and now
    exactly I do
    darkly I do
      recall the you of then when
    every time you touch me it was true.

    The music here—syncopated, insistent, and wonderfully unique—is typical of Ponsot’s ability to play by ear a commanding free-verse music that is more formal in its way than verse that wears its traditions on its sleeve, as well as far more alive and sonically replete.

    One of the most striking things about the poems in Admit Impediment (beyond Ponsot’s signature musicality) is that they understand that men and woman are fundamentally different. This fact is, of course, shatteringly obvious to any parent who has raised both a male and female of the species. Yet this division—ancient, Platonic—is often handled with kid gloves, by writers and critics guided more by a fear of giving offense than the need to say something true about who we really are beneath the skin.

    In “From the Fountain at Vaucluse,” a gorgeous sequence of sonnets about the famous French spring, this opposition is worked out in poignant detail:

    A girl dips her foot in, holding her shoes.
    A boy throws stones so splashes distort
    The pool; most males do, as if they confuse
    Marking with marring; as if, innocent,
    Inept at awe, they smash what they can’t use
    Or ignore, here where joy’s intelligent
    In the still light bodied by greening blues.

    I first heard Ponsot read this poem in a friend’s apartment in the early Nineties, and if I remember correctly, she told us that at the time the poem was written she had given herself the challenge of writing a poem a day—of which the seven in “From the Fountain . . .” were the best. I still remember a number of the lines she read that night. In one of his most celebrated poems, which I first read around the same time, Anthony Hecht describes boys in a similar light—aggressive, arrogant, and brutish:

    Think of those barren places where men gather
    To act in the terrible name of rectitude,
    Of acned shame, punk’s pride, muscle or turf,
    The bully’s thin superiority.

    By contrast Ponsot’s women, though not free of faults, fare far better:

    I hate her heels and pleats. But praise is sudden
    In me for her easy move of tenderness.

    Her portrait of them is witty and humane:

      They are the frail
    Employers of pity; they are dumb,
    Cute, weak at will.
      My daughter did not learn
    Those tricks. She neither flirts nor wails.
    Generous & gentle, she can stand firm . . .

    Ponsot, too, has pity for the silliness of the girls and the brutishness of the boys. Her worry over boys’ martial impulses is particularly moving in her antiwar poems such as “Two Questions,” from The Bird Catcher (1998):

    In their poor young butchers
    otherwise virtuous  it taints memory
    with ownerless bitterness.
    Our catch-basin cities swirl with blood
    until—some larder stocked—we stop
    come home  wash up  and restore
    peace as if there were no war.

    Anyone who knows Marie has learned to expect the bright button on her sweater: “Still Against War.” She has worn the button for decades, and there has always been a war to which it refers.

    If parenting is the preparation for such insights into boys and girls, then Ponsot has looked long at filial relationships from the perspective both of the daughter and the mother (and even the grandmother and great- grandmother, both her own recalled from childhood and the matriarch she has become many times over). Her awareness of successive generations, in which daughters inherit and bequeath, informs her poems throughout, like sap rising inside her family tree. In “Hard-shell Clams” Ponsot’s father receives a fraught eulogy (“Our last chance, last perfect day. // We laughed. We ate four dozen hard-shell clams. / We swallowed what I would not let us say”). And “Out of Eden” is one of several poems commemorating Ponsot’s mother (“Under the May rain over the dug grave / my mother is given canticles and I who believe / in everything watch flowers stiffen to new bloom.” “Museum Out of Mind” then serves as a bridge between the generations: “Later, mother myself, I called you the motherdear / no child of mine would use—but one of the baby / humwords must have come first. And I am an infant here // before your advanced degrees in death. . . .” Other poems from The Green Dark look ahead, as in “The Ides of May,” written “for my children entering parenthood”: “Every generation the child hurries out of child- / hood head bared to the face-making blaze / of bliss and distress, giving a stranger power to / enter, wound, astound.” Ponsot’s words for her children—her desire to instruct, to warn, to guide—remind us that, in addition to being an indispensible poetic voice, she is also one of the great teachers. If keeping track of the number of her grandchildren and great-grandchildren is a strain (I believe its sixteen and nine, respectively), tallying the vast numbers of students she has instructed in the practice of poetry over many decades is like counting the stars in the sky.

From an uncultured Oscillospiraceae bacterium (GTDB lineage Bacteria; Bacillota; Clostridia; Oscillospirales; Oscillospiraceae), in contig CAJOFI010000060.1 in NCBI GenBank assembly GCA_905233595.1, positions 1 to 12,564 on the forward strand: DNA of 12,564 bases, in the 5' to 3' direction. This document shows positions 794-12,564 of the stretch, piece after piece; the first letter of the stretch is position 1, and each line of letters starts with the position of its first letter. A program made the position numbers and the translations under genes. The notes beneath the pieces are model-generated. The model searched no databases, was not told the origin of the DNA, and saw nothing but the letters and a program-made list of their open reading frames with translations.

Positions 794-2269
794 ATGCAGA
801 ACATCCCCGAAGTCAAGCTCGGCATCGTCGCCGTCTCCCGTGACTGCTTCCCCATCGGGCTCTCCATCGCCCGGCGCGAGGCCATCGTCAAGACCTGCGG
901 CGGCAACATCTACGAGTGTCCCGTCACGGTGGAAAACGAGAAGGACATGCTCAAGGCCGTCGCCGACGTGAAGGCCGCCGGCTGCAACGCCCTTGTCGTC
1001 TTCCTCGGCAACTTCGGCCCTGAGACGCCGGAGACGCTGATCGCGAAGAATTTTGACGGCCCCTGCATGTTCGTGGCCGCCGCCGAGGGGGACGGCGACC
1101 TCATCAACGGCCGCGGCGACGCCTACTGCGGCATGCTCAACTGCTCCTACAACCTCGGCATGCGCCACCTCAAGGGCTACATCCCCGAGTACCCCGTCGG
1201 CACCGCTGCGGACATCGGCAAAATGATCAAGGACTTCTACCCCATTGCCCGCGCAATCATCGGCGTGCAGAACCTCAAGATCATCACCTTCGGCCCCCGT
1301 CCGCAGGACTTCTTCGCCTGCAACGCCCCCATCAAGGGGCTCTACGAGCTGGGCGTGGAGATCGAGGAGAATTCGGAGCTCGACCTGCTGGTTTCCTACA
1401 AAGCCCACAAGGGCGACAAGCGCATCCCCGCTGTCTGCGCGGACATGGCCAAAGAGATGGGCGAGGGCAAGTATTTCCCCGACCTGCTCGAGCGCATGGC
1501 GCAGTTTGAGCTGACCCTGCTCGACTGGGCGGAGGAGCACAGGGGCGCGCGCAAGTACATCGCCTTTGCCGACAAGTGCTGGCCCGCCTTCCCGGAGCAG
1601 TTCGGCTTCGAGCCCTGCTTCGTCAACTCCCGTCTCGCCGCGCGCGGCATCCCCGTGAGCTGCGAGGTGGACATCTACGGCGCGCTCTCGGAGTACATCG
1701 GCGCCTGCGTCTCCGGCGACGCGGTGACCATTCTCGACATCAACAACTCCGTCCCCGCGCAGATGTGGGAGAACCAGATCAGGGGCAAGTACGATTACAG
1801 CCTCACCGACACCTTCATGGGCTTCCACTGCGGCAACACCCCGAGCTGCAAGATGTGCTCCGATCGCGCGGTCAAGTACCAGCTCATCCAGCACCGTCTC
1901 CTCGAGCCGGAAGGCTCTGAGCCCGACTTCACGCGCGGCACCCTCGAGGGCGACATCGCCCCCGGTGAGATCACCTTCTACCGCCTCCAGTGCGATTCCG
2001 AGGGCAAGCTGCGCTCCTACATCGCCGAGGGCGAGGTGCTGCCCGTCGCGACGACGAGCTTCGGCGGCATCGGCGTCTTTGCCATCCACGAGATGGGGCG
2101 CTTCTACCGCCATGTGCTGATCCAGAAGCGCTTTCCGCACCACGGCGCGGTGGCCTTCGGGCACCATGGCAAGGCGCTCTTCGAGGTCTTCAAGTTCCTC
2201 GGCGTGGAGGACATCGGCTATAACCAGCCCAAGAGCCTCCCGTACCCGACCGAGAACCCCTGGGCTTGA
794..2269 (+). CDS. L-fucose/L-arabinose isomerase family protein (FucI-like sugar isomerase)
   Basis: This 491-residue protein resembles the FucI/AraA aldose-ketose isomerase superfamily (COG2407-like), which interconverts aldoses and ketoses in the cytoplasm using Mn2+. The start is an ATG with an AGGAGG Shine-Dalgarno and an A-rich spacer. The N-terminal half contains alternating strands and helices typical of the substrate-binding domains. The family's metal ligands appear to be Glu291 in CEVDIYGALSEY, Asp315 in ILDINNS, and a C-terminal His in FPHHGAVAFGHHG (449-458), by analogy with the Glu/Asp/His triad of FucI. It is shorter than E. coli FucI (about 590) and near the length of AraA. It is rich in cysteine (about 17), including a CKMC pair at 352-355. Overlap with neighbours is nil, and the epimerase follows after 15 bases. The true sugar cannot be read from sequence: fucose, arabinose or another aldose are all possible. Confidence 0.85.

One of my prize memories of the Unterberg Poetry Center, when I worked there as director in the early aughts, was accompanying Marie to the Union Settlement Association in El Bario, where Marie led a workshop and gave a reading for a huge crowd of people for whom English was their second language. Circled around her on metal folding chairs, we dutifully passed around paper and pencil, as Marie helped us to write a poem, a tritina, in fact—the form that she had invented with her colleague at Queens College, Rosemary Deen. Like a sestina, a tritina has end-words (or teleutons) that repeat throughout the poem in a prescribed pattern. If a sestina is an imposing black limousine, then a tritina is more of an agile sportster. Instead of six stanzas of six lines, the tritina employs three three-line stanzas, with a one-line envoi at the end.